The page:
When I was a kid back in the 70s, there were two things society taught us to be wary of — Russians and killer bees.
And while only one of those threats eventually panned out, there are plenty of menaces out there.
If you stay within the confines of a decent-sized metropolitan area like Waco or Austin, you might never have any reason to believe wild hogs even exist. But if you venture out of the city limits and into the woods and fields of Central Texas, there’s a growing chance you’ll at least lay eyes on the damage they can do. (Incidentally, wild hogs are descended from Russian boars that were imported into Texas in the 1930’s for sport hunting.)
Recently, 11-year-old Cooper Wright was hunting on his Grammy’s land near Valley Mills with his grandfather, Clint Hood, and friend Zach Huser. “We were wanting Zach to get a doe, and about four that afternoon, a handful of sows and a bunch of piglets came around the feed corn that had been soaked in red Kool-Aid,” said Hood.
“We didn’t want to spook off any deer, so we didn’t shoot them, but about thirty minutes before dark, a couple of boars came around and Cooper took one,” he said. “The pigs surely are keeping the deer away, as well as making big mud wallows underneath the feeders.”
Hood says his family gets to do a lot of hunting, and Cooper is a seasoned shooter even at his young age, having taken a number of game animals, varmints, waterfowl, and other critters. He hunts with his dad Chris, twin sister Carli, uncle Chase Hood, and grandpa Larry Raborn as well.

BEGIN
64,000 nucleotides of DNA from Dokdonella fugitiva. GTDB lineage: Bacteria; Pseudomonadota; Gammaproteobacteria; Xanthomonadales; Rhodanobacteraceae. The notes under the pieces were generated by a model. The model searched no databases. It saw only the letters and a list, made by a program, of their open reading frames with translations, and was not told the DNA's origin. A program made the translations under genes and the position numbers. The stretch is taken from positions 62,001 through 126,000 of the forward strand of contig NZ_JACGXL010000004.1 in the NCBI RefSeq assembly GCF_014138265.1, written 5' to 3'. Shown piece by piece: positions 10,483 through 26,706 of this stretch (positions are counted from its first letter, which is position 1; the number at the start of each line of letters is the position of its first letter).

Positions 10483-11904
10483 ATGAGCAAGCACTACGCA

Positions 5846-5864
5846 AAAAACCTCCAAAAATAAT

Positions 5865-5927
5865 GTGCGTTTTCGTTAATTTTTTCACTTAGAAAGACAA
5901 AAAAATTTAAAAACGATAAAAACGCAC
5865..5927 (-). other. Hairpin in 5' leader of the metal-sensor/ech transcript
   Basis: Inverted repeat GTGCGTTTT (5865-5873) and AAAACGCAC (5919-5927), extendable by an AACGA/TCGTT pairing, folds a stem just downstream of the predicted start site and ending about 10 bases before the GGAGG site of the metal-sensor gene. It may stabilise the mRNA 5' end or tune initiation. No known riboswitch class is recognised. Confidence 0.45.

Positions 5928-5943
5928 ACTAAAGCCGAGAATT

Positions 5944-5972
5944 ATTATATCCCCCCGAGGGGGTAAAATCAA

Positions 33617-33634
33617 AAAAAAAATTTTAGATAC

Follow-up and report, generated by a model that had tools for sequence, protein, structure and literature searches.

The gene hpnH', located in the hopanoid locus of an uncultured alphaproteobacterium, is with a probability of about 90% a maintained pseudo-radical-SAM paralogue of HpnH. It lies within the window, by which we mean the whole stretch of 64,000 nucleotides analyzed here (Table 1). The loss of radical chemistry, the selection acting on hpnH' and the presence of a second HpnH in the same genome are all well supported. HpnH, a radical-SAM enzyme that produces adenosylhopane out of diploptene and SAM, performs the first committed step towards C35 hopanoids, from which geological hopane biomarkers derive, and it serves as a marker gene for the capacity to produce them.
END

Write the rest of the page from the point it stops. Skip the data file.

“Carli is still trying to get a doe,” Hood said, “but as soon as youth season ends, we’re going to build some hog traps.”
Catchin’ the limit and more
Lake Whitney striper guide Clay Yadon (817-219-3707) continues to take daily chunks out of the striped bass population, saying the bite is “off the dial kind of good.”
He’s finding big schools of stripers stacked from surface to bottom in anywhere from 15 to 60 feet in depth. “We’re finding them where we find them,” he said, adding that weather fluctuations have a big influence on where fish can be found. “It’s a challenging time of year, but you can look for signs and use them to your advantage.”
One of those signs is finding where the birds are. “When you locate a group of birds, you can bet there will be a school of fish nearby,” he said. “They don’t even have to be swirling or diving — they could just be looking around or even sitting on the water.
When high winds haven’t kept him off the lake, he has been catching his limit plus some. “It’s a great time for catch-and-release, and we have been doubling up our limits on some days,” Yadon said. He advises using soft plastic swim baits for best results.
With water temps dropping, the water itself becomes denser and carries sound more efficiently, making stealth an important factor in fishing success. “I can’t stress enough how quiet you have to be,” said Yadon. “Don’t try to drive in and then look around with your graph, because you won’t mark any fish. They’ll run out from under a big motor before you can shut it off. A big motor is the kiss of death.”
He says to cut the engine upwind and drift into the hot zone, adding that even a trolling motor will sometimes scatter a school. “Plus, when it’s this cold, you have to fish excruciatingly slow. If you think you’re fishing too slowly, then slow it down a little more.”
I’ve fished with my brother Derek since we were able to walk around without falling into the water, and I’m happy to congratulate him on another successful trip around the sun.
Happy birthday and let’s go fishin’.